Six Grants in Six Years for Biochemistry Professor Jamie Towle-Weicksel

Jamie Towle-Weicksel

“RI-INBRE has been very good to me in supporting my research,” says Jamie Towle-Weicksel. “I am very thankful.”

Chemistry lab

RIC Associate Professor of Chemistry Jamie Towle-Weicksel has been awarded an astounding six grants in six years for her biomedical research. Did we mention she’s only been at RIC for six years? Her latest grants are an Academic Research Enhancement Award (AREA R15) from the National Institute of Health (NIH) and an Institutional Development Award (IDeA) Networks of Biomedical Research Excellence Award (RI-INBRE/COBRE).

The RI-INBRE/COBRE award is a one-year grant for $100,000 to fund her collaboration with Dr. Eui Young So of Rhode Island Hospital on his research on rheumatoid arthritis.

The grant has two parts. The first part takes place at Rhode Island College, where Towle-Weicksel and her team, consisting of two students and one of her lab managers, Jorge Victorino, create nanoparticles – a vehicle in which you load a drug that targets a certain part of the body.

Lab manager Jorge Victorino
Lab manager Jorge Victorino

To use an analogy, “when you get the COVID shot, the drug itself is wrapped in these tiny little particles that we call nanoparticles,” Towle-Wiecksel explains. “In my lab, we are going to create nanoparticles – a vehicle to put the drug in – so that the drug can quickly enter the body and target the area that we want the drug to treat. In this case, we are targeting a specific protein we think may be responsible for rheumatoid arthritis.”

After creating the nanoparticle, loading it with the drug and testing it on cells in RIC’s lab, Towle-Weicksel will send the loaded nanoparticle to Dr. So, who will test it on his rheumatoid arthritis mouse model.

Jamie Towle-Weicksel in lab
Towle-Weicksel works in a biosafety cabinet

Not only are research students given the opportunity to work one-on-one with Towle-Weicksel, learning advanced techniques and using state-of-the-art technology, they have the opportunity to learn from researchers at Rhode Island Hospital in a clinical laboratory setting.

Moreover, her students are paid from the grant to do the research. For 10 weeks during the summer, they receive a Summer Undergraduate Research Fellowship (SURF). In the fall, they have the opportunity to continue their research as part of an independent study project.

Chem student
RIC research student Morgan Andrews

“The RI-INBRE program has been very good to me in supporting my research,” she says. “I am very thankful. If it hadn’t been for their grants, I wouldn’t have been eligible for the NIH AREA R15 award.”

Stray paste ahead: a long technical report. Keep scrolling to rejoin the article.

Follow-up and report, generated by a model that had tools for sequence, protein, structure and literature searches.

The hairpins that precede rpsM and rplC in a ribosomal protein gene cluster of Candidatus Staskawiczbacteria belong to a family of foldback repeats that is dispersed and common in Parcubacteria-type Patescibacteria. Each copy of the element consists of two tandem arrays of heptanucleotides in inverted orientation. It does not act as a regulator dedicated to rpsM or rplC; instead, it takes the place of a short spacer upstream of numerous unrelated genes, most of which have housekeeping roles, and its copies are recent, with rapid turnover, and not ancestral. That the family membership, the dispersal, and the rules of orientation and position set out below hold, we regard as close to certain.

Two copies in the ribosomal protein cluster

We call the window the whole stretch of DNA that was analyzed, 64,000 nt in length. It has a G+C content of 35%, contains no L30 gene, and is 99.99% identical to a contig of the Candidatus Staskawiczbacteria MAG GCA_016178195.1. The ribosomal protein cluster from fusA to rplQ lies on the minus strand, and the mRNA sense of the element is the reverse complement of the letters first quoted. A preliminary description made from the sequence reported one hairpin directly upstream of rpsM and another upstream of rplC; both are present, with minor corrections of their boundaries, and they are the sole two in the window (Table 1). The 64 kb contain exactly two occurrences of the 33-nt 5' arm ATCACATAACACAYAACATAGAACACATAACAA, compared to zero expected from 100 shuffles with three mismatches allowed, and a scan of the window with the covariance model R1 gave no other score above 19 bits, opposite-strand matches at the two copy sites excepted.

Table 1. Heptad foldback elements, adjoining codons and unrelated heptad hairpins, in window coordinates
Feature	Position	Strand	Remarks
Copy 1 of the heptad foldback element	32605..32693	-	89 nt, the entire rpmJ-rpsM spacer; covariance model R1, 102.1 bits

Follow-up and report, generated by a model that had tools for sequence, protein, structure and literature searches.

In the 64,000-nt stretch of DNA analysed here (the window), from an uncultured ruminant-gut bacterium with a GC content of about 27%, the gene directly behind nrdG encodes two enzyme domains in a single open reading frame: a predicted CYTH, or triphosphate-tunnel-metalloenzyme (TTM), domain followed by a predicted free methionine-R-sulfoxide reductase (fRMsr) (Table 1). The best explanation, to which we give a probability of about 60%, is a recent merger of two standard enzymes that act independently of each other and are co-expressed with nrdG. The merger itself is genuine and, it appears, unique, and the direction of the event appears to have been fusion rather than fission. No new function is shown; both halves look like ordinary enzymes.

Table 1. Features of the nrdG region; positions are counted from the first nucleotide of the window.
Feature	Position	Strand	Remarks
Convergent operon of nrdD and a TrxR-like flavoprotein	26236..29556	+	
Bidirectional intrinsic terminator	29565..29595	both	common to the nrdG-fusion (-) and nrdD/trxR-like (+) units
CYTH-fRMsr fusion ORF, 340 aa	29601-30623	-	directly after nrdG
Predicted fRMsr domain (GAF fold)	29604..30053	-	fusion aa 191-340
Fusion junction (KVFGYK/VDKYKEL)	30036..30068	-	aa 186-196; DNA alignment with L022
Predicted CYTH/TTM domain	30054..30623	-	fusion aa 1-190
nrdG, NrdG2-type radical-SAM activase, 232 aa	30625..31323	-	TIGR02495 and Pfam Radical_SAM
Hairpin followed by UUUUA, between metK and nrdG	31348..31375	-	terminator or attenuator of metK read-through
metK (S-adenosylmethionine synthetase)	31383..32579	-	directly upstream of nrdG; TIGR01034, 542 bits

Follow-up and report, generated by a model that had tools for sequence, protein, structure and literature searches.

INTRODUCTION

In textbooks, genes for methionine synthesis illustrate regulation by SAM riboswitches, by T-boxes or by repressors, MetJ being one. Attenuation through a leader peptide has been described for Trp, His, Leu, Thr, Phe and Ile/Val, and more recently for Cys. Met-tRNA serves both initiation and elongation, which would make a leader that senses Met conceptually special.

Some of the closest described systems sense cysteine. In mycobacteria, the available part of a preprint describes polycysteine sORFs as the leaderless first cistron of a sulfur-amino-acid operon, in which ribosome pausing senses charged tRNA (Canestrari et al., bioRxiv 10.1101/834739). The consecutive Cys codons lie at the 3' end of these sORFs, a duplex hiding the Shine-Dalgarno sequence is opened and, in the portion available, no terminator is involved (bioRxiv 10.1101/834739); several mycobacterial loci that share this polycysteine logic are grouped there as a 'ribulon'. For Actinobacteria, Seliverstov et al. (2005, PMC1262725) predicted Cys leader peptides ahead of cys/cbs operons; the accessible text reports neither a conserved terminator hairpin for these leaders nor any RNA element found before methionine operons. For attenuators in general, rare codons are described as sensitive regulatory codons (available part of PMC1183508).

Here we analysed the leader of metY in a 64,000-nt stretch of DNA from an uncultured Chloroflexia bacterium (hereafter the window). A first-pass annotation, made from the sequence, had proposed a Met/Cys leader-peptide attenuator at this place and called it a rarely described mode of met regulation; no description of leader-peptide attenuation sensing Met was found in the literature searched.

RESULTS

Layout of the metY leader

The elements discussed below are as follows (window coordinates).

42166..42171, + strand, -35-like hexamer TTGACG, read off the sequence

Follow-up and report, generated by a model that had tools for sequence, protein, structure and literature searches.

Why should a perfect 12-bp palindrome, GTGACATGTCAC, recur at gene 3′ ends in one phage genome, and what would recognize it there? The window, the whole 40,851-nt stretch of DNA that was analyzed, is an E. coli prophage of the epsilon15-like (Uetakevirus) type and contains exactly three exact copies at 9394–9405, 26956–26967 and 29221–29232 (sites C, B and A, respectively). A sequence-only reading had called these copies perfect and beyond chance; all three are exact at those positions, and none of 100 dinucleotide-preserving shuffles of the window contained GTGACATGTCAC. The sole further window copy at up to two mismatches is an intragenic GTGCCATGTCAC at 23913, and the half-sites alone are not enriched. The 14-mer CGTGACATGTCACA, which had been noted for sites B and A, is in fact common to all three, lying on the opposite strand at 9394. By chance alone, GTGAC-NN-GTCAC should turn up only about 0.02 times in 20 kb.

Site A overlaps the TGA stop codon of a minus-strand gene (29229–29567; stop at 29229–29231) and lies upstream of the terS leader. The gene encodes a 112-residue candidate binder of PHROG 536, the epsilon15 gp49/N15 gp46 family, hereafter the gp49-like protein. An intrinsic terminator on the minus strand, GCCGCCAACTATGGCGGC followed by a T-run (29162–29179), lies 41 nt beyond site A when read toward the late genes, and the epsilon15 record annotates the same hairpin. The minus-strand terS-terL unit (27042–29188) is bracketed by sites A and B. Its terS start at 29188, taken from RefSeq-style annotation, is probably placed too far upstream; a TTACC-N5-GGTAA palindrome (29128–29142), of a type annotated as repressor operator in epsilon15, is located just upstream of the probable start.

The AREA R15 award is a three-year $300,000 grant to help move forward Towle-Weicksel’s research in melanoma. Her investigations focus on a DNA repair enzyme, and her work has been peer reviewed favorably by experts in the field.

Like the RI-INBRE grant, the research team on the AREA R15 grant consists of two students and a lab manager, Corey Thomas.

Lab manager Corey Thomas
Lab manager Corey Thomas
Chem student
RIC research student Naisha Rodrigues

Students are also provided SURF funding for 10 weeks during the summer.

“If I can train students over the summer and they really get to know what we’re doing and how to work in the lab and also how to work as a team, they will be able to take on this project as an independent study throughout the academic year. And that’s where students really flourish,” says Towle-Wiecksel.

Sarah Ebirim
RIC research student Sarah Ebirim

One of the benefits of independent research is that students are given a part of the overall research project to focus on and it becomes their own.

Towle-Weicksel notes that “most of the classes taught in the Department of Physical Sciences have a laboratory component, but they also have clear learning objectives. With independent research, students are immersed in a world where no one knows the answer. Instead, they develop hypotheses. Sometimes they’re surprised when they ask me, ‘What’s going to happen?’ and I say, ‘I don’t know. Let’s try it and find out.’ The challenge and excitement of research is that nobody knows what the right answer is.”

Towle-Weicksel hopes to publish the findings from her research. Certainly she has gained the backing of the scientific community.

Since being hired at RIC in 2015, Towle-Weicksel has received a one-year RI-INBRE SURF grant (2016), a two-year RI-INBRE Early Career Award (2017), a one-year RI Foundation Medical Research Grant (2017), a three-year RI Collaborative Grant (2019) and in 2021 a two-year RI-INBRE/COBRE Award and a three-year NIH AREA R15 Award.

INBRE awards are made to independent biomedical research institutions within the IDeA network. Rhode Island is one of 23 states within that network. Awards target undergraduate institutions, community colleges and minority-serving institutions. Grants not only fund faculty, postdoctoral fellow and graduate student research, it funds research opportunities for students through SURF. INBRE’s ultimate goal is for institutions like RIC to serve as a “pipeline” for students to continue in health research careers and to strengthen the science and technology knowledge of the state’s workforce.